July 21, 2010, 9:02 am
Don from Kensington says:
A nice piece of reporting. The USDA's logic makes no sense: The geese will only keep coming back. There are ways to manage them without killing them. They are part of the fabric of life in Brooklyn.
July 21, 2010, 10:03 am
Karl from Windsor Terrace says:
The attempt at damage control by the USDA is offensive and reeks of A FOUL, NOT FOWL odor.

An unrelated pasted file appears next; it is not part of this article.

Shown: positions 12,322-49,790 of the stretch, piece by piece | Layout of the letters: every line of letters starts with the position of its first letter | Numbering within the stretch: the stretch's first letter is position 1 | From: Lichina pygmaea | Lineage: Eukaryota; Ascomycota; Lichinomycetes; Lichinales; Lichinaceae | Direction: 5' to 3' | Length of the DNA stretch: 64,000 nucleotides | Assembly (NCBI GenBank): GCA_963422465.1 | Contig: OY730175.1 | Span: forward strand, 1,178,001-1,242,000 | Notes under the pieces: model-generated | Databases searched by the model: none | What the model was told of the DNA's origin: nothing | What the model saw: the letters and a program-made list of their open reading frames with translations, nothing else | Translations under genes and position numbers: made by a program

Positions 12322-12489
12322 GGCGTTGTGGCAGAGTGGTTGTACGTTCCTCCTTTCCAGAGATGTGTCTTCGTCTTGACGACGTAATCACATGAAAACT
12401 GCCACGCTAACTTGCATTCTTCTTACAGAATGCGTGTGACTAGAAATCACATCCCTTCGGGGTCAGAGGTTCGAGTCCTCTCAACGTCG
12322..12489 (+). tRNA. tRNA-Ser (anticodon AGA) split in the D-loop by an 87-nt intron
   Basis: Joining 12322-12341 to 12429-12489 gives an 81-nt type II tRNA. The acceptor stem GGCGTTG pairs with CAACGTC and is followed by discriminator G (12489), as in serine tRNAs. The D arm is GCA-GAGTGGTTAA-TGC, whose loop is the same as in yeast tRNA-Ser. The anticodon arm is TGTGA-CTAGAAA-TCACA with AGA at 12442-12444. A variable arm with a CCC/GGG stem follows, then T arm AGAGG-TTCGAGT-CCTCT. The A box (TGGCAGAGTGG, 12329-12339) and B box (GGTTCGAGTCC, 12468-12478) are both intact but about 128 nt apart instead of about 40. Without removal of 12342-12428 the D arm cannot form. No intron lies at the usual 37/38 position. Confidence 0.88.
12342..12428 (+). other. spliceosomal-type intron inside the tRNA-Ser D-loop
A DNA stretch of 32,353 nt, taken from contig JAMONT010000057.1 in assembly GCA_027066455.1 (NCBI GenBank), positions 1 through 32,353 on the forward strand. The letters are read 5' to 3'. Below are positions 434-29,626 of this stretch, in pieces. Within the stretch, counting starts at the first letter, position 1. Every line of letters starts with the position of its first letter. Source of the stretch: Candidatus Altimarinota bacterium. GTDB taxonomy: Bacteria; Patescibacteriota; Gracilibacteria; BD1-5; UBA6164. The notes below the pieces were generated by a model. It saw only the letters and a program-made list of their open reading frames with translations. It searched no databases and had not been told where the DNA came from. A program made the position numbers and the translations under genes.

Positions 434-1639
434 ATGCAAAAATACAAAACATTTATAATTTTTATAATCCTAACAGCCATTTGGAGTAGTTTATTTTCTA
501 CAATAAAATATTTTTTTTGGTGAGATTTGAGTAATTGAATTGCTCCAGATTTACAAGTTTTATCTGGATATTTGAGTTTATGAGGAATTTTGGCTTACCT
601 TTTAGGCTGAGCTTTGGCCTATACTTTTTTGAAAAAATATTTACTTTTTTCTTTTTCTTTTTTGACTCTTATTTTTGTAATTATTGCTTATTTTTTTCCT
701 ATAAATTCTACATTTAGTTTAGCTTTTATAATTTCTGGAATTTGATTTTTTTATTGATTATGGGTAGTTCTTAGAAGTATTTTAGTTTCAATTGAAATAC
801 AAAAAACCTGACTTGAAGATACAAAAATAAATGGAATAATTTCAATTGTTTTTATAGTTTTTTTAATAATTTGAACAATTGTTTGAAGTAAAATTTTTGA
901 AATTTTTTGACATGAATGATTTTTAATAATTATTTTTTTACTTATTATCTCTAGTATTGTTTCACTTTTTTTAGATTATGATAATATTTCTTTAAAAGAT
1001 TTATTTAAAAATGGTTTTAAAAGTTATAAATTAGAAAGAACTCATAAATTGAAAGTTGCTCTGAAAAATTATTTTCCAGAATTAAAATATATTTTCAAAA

The back-tracking to cover their tracks when this operation was never meant to be written about, shows a contempt to the public rarely exposed so clearly.
To try and justify the killing of resident geese with inappropriate statistics and bad faith spin control is appalling.
July 21, 2010, 10:56 am
trace from park slope says:
Or like Tina Fey's new boyfriend, Matt Damon, on 30 Rock said, "a good pilot misses the birds." He does it all the time - flies around the birds..
July 21, 2010, 11:54 am
Jeffrey Starin from Park Slope says: